They aren't usually transferable – HPV viruses can spread to other parts of the body, but they typically appear where there is a break in the skin. People spread warts by rubbing their skin against each other. HPV can cause many types of warts, including common bodily and genital warts (types 6 and 11). Nonetheless, if you have a wart on your hand caused by an HPV type that can also cause genital warts (either HPV types 6 or 11), there is the possibility that skin contact will result in the growth of these warts. No evidence suggests that common bodily and genital warts may increase a woman's risk of developing cervical cancer. While some HPV types are associated with cervical cancer, these are usually not the types that cause warts.

Not all blemishes are warts – many types of warts, lumps, or pimples can be found on the genital area of a person. It's not necessarily a big deal to find one. You should consult a nurse or doctor when unsure about what's happening down there. Below is a brief overview of common types of genital marks and blemishes:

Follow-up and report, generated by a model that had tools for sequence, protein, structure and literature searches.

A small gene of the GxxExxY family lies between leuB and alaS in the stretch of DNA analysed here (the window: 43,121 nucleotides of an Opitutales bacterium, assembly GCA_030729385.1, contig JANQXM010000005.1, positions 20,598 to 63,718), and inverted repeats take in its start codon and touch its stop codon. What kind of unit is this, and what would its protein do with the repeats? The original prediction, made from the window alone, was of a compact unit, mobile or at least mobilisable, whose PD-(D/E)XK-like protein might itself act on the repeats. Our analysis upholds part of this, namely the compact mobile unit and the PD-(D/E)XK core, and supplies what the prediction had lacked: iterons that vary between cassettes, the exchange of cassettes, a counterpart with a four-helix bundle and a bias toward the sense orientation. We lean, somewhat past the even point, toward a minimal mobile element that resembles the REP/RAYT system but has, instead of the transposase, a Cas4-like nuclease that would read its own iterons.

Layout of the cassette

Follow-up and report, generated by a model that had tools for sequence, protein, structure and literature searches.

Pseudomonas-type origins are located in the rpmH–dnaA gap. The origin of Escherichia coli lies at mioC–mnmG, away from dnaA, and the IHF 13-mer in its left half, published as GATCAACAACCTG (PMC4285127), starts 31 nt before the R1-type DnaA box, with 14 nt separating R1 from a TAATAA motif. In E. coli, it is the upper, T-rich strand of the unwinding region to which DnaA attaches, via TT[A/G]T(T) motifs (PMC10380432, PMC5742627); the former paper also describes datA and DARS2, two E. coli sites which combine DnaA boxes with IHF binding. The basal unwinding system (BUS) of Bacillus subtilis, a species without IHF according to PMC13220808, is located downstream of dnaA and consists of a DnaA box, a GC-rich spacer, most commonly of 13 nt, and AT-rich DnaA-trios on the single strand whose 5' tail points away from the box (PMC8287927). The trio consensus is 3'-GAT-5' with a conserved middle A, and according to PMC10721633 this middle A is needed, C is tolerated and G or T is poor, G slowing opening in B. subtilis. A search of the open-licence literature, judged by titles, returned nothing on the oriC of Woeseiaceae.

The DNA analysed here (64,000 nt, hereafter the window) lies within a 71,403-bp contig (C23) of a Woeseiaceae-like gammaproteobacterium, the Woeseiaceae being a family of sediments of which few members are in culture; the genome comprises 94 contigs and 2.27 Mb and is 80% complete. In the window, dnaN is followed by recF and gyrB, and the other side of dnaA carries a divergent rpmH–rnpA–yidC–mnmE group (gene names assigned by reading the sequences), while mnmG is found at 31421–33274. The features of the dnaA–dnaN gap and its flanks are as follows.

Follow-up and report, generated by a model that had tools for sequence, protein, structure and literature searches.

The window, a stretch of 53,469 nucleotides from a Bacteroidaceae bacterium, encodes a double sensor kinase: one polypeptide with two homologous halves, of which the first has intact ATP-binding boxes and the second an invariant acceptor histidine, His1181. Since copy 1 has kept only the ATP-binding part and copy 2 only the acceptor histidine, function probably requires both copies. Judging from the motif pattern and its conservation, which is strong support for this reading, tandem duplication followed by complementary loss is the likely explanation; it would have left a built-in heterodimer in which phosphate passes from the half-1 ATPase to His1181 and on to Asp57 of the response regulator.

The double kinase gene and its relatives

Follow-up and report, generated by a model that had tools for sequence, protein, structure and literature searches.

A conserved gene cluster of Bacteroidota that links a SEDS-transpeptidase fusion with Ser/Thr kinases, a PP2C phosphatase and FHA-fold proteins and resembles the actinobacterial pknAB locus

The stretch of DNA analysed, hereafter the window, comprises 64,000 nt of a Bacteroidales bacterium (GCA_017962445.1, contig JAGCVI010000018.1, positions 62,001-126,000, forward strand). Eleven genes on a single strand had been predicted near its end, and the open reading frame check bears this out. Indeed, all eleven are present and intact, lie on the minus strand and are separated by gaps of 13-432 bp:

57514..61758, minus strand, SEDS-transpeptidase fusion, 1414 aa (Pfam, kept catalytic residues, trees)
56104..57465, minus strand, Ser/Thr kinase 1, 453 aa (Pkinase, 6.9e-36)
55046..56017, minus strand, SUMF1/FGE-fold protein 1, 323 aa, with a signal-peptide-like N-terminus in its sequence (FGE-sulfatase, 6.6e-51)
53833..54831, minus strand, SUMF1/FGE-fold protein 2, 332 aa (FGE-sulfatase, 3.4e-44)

Genital warts:

  • A small, flesh-coloured bump on the surface of your skin, sometimes appearing as though it had a cauliflower top

  • Two types of HPV cause genital warts: type 6 and type 11. Sexual contact is a primary means of transmitting these infections, as they are very contagious. No danger is associated with these STDs, even though they are the most common worldwide.

  • The HPV virus is not curable, but warts can be treated with creams or liquids, as well as surgery, or they can be frozen. The virus can go away on its own at times

Genital herpes:

  • Inflammatory blisters or sores that are red and painful as well as itchy from time to time

  • The herpes simplex virus, an RNA virus, causes a herpes sore. Sexual contact can lead to the transmission of the infection.

  • Even though herpes cannot be cured, there are medicines you can take to prevent or reduce outbreaks of the infection

Ingrown pubic hairs:

  • The pubic hairs of your pubic area are red and sore around the follicles of your pubic hairs

  • Ingrown hairs occur when hair regrowth does not go according to plan. People with a shaved pubic region are more likely to suffer from this problem.